Report No FR/D0016
Prediction of Effects of Organic Contaminants on
The DOE seeks to improve the scope of environmental monitoring
programmes using marine animals by including an assessment of the impact of pesticides on
marine water quality. Mussels have been used successfully to assess the bioaccumulation
and toxic effects of organic chemicals of urban and industrial origin, but the effects of
pesticides on the physiological parameters measured in these surveys are unknown. It is
essential to establish whether mussels are as sensitive to pesticides as other estuarine
and marine species that the Department may wish to protect through the establishment of
appropriate environmental quality standards. The programme objectives were as follows:
- To quantify the sublethal physiological responses of mussels to bioaccumulation of
environmentally important pesticides.
- To explain these responses in terms of anticipated modes of toxic action.
- To apply quantitative structure-activity relationship (QSAR) modelling to facilitate
extrapolation of conclusions to untested compounds of similar type.
- To test whether there are interactions between the toxicity of representative pesticides
and common environmental contaminants such as hydrocarbons.
- To use the data to interpret results of field studies using mussels.
The work was carried out in the laboratory by exposing mussels to
solutions of pesticides in seawater for periods of up to 7 days, and measuring the effect
on feeding rate, respiration rate and absorption efficiency. These parameters are required
for the calculation of the energy balance of the mussels (termed Scope for Growth (SFG)).
SFG is used to compare the health of mussels in field populations. To facilitate
comparison with such field studies, the levels of pesticides accumulated by the mussels in
our laboratory experiments were measured.
3.Results and Conclusions
- All the compounds tested had an effect on feeding rate, which is
quantitatively the most important variable determining SFG. Respiration rate was only
raised by those compounds (the chlorophenols and tributyltin) known to have specific
effects on respiration at the biochemical level. Elevation of whole animal respiration may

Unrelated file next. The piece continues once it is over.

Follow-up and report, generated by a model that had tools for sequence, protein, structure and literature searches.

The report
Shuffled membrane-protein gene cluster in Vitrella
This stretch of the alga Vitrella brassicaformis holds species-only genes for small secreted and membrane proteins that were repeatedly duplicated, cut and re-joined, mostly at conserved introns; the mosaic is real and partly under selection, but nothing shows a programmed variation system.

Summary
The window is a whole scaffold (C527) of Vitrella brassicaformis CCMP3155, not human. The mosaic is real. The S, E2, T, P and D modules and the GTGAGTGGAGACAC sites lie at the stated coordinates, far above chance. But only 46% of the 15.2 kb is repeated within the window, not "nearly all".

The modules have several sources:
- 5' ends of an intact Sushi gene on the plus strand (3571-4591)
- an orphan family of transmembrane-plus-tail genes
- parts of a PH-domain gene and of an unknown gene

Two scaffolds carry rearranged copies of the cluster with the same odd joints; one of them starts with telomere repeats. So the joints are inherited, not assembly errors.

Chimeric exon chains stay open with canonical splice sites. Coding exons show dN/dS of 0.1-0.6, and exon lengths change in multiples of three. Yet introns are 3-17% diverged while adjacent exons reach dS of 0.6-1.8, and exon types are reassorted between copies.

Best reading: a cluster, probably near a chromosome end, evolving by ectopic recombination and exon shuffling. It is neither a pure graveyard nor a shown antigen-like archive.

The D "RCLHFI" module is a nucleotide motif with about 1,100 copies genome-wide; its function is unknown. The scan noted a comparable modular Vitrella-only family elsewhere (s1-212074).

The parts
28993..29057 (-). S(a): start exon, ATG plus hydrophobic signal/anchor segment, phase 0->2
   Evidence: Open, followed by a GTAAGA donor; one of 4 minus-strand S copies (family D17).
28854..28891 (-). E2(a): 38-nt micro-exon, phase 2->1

have potential as a marker of impact by these classes of compounds. Absorption efficiency
was too insensitive under laboratory conditions to demonstrate any significant changes
with the toxicants studied.
- The physiological effects of the chlorophenols were clearly related to
the structural characteristics of the molecules, so QSARs of predictive value can be
- Although all the neurotic pesticides tested (which included
organochlorines, pyrethroids, a carbamate and an organophosphate) had some effect on
feeding rate, most appeared to be acting only as non-specific narcotics during the
timecourse of our experiments. They were no more toxic to the mussels than typical urban
contaminants like hydrocarbons. Since some pesticides are highly toxic to crustaceans and
fish, physiological energetics studies with mussels cannot be used to assess their impact
on these species. This limitation also applies to water quality assays using larval
molluscs. There is an urgent need to develop in situ and laboratory based bioassays using
neurotoxin sensitive species (eg. Mysid crustaceans). Mussels, however, were sensitive to
the organophosphate pesticide tested, dichlorvos. Further research to exploit the
potential of this observation is recommended.
- The combined toxicity of dichlorvos and the narcotic hydrocarbon
naphthalene is less than additive, so adverse effects are less than might be predicted.
However, the benefit of environmental clean-up of only one constituent of such a mixture
would be less than expected.
- The present toxicological data base cannot explain all of the adverse
effects on mussel health observed in field studies. There is a need to extend the range of
chemicals analysed in monitoring studies and to increase the toxicological data base.
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